I find it interesting that cereals differ around the world. This is a realm of its own, really – many people adore cereals. It’s amazing that people are dedicating their time to embarking on their own ‘cereal trails’ (i.e. supermarket hauls) to dive into flavors that are out of this world!
The US is a mecca for every breakfast/cereal enthusiast – there’s a lot to choose from. American selections are crowned as the leader of cereals in the sacred cereal realm. A nice selection of cereals is available across the Lion City, including favorites from abroad. Although there are staples that most of us share globally (Cheerios, corn flakes, etc.), I thought of sharing one of my favorite cereals in the Asia Pacific region.
Koko Krunch is found in Asia, and it’s available as ‘Chocapic’ in Europe and Latin America. Koko Krunch’s notable mascot is Koko, a creature that looks like a koala (it’s a mystery as to what Koko is exactly). Chocapic’s cereal looks identical to Koko Krunch’s, with a main difference being the presence of another character who isn’t Koko. In place of Koko is a chirpy-looking dog, which I initially mistook as a take on a moose (with Rudolph’s nose, I must add) at first. It turns out the dog’s name is Pico.
Koko, with his trademark enthusiastic expression, has earned himself a place in the childhood breakfast hall of fame for many. As I stared at the box, it almost felt like I could hear Koko’s voice as he gleefully exclaims “The great chocolatey taste!”, just like how he did in the ads.
The taste of chocolate is indeed present – probably because it’s targeted to children and children-at-heart as a wholesome breakfast – and it has a good amount of whole grain as one of its primary ingredients. An added bonus is it makes for a great snack (if you’re allergic/sensitive to pure milk and you can’t consume cereal with milk, like me)!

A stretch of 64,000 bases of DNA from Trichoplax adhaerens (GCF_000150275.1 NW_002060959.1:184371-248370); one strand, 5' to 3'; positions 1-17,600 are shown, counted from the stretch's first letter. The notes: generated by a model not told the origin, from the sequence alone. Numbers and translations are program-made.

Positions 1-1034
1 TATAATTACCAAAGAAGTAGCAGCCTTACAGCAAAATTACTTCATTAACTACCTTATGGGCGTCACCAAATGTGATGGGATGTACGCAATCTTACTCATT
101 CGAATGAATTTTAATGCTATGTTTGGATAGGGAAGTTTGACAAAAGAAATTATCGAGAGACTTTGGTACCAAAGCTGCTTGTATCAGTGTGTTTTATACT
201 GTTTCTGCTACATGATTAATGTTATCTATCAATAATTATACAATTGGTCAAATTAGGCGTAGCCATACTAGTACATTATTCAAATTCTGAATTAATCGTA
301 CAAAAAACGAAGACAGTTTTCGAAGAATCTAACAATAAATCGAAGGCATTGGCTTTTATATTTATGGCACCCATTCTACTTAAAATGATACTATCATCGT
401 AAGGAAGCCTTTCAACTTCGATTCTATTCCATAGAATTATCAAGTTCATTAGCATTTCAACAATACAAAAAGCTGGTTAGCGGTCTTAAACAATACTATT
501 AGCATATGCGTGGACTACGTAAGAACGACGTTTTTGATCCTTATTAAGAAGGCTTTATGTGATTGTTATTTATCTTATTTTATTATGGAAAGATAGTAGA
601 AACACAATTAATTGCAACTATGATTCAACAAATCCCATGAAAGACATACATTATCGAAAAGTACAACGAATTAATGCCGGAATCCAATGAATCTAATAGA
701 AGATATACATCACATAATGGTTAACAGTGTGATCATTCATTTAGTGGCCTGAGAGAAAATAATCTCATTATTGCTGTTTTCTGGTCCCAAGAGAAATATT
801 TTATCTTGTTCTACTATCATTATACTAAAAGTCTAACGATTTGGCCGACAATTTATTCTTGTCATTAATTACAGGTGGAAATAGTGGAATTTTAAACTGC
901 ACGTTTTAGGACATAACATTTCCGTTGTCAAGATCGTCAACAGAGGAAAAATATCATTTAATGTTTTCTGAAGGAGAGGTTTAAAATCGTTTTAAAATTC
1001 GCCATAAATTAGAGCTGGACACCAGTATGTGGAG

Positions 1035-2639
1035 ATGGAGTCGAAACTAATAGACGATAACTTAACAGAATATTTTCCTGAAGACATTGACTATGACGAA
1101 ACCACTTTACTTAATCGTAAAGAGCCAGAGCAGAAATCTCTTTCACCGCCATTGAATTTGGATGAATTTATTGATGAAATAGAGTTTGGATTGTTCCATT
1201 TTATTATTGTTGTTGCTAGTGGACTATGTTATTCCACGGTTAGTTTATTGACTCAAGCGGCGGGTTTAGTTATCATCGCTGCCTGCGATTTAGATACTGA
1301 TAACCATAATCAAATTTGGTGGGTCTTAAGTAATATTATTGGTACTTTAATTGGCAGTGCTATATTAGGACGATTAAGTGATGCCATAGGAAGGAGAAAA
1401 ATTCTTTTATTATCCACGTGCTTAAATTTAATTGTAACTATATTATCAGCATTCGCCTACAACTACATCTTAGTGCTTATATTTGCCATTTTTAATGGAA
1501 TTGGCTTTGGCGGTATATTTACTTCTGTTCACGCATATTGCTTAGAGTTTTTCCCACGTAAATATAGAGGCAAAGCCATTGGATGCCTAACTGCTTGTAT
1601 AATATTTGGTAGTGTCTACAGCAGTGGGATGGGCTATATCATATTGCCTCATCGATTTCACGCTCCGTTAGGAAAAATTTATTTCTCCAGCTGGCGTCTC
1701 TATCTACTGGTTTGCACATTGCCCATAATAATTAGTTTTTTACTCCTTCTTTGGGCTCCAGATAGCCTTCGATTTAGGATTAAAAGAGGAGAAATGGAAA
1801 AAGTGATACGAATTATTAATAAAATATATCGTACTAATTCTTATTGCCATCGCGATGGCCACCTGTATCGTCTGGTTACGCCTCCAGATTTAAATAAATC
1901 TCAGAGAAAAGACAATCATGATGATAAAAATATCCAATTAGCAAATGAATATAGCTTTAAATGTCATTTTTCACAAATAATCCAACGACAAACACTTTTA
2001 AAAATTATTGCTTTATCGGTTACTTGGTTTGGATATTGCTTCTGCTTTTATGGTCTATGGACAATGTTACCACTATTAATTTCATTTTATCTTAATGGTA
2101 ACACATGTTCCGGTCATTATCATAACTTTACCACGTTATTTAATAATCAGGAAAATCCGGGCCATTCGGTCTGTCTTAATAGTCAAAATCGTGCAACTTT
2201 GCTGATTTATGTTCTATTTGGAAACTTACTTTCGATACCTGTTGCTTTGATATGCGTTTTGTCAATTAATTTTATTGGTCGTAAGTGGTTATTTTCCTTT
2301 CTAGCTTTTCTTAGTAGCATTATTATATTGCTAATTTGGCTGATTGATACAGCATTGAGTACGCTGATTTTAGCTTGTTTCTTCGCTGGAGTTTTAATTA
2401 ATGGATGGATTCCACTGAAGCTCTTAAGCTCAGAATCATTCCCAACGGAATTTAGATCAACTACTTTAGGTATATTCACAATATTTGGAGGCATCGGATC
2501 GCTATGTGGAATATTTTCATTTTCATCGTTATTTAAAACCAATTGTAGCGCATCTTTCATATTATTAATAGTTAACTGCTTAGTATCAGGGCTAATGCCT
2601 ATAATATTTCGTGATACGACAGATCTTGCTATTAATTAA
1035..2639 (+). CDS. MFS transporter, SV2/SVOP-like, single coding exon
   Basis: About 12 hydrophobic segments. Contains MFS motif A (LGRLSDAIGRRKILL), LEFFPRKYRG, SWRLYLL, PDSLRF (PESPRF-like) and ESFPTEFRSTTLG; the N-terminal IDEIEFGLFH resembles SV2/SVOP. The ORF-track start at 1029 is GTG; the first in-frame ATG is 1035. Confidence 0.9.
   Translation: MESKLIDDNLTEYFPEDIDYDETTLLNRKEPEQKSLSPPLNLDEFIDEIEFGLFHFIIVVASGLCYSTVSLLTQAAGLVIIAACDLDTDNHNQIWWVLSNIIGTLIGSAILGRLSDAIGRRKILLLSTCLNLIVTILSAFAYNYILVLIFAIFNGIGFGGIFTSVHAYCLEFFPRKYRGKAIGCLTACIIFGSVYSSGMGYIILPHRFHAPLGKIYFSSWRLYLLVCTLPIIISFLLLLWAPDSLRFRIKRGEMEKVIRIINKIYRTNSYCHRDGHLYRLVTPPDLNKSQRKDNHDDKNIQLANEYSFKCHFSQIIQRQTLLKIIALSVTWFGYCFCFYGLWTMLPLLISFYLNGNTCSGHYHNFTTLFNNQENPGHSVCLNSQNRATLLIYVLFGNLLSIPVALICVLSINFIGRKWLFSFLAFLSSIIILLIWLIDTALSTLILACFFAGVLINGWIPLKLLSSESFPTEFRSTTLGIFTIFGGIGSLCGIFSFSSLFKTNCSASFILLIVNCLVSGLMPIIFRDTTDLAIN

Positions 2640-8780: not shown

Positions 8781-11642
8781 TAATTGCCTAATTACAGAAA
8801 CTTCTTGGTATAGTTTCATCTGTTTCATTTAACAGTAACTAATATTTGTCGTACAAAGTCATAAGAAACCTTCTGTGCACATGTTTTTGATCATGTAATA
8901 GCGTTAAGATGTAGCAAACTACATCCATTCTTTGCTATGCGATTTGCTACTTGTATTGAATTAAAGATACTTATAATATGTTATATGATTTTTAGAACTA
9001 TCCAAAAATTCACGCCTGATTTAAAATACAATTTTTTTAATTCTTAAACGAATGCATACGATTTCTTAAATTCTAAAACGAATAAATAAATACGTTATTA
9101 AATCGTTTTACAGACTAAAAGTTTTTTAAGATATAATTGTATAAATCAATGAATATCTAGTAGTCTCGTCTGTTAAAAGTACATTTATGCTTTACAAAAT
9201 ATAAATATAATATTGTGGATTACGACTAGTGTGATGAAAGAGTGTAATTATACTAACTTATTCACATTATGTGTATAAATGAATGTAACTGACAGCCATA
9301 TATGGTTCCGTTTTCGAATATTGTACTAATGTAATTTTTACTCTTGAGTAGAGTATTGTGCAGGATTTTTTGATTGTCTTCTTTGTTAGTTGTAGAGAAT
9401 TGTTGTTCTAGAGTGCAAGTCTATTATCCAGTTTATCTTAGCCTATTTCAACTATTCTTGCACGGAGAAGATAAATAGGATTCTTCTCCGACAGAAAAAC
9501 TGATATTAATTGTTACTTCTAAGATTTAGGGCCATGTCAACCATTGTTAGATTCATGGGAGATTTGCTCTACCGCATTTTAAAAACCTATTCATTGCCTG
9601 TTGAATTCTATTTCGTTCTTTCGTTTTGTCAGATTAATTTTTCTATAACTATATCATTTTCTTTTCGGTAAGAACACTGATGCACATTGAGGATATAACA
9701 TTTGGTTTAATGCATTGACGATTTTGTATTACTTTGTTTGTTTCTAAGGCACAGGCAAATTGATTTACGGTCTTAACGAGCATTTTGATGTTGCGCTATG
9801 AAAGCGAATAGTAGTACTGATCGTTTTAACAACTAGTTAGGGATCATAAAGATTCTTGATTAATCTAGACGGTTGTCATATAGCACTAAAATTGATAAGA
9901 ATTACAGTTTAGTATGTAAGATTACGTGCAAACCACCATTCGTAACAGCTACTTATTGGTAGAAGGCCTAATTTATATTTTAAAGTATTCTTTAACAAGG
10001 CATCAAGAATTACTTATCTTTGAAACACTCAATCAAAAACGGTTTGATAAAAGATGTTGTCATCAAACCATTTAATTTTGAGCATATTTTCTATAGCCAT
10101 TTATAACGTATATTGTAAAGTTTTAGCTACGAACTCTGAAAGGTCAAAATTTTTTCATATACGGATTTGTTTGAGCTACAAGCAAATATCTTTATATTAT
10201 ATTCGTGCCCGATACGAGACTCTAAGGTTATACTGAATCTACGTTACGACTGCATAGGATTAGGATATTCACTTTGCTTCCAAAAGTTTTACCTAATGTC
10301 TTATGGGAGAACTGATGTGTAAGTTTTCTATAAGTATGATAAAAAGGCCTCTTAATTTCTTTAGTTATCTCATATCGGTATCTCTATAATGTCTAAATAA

The classic Koko Krunch comprises solely of milk chocolate cereal. The ‘duo’ version, which was introduced in the mid to late 2000s, is a mixture of milk and white chocolate cereals. Personally, I prefer the original milk chocolate, but the white chocolate ‘petals’ are enjoyable too.
Koko Krunch, to me, has the late 90s and 2000s written all over it. Ads from the golden age of TV advertising revolved around Koko reciting folklore-like stories to answer a boy’s question on why Koko Krunch is “so chocolatey”. Be it a great battle against thieves who stole a village’s chocolate supply or a tornado’s twister that wipes a cauldron of chocolate clean at what appears to be a factory, the recurring conclusion is chocolate tends to flood or explode onto wheat fields, hence becoming Koko Krunch.
I’ve yet to spot a Koko Krunch TV ad in recent times (mostly because of Netflix and watching TV shows that are available ‘on-demand’), but I hope Koko continues to dazzle today’s generation of children!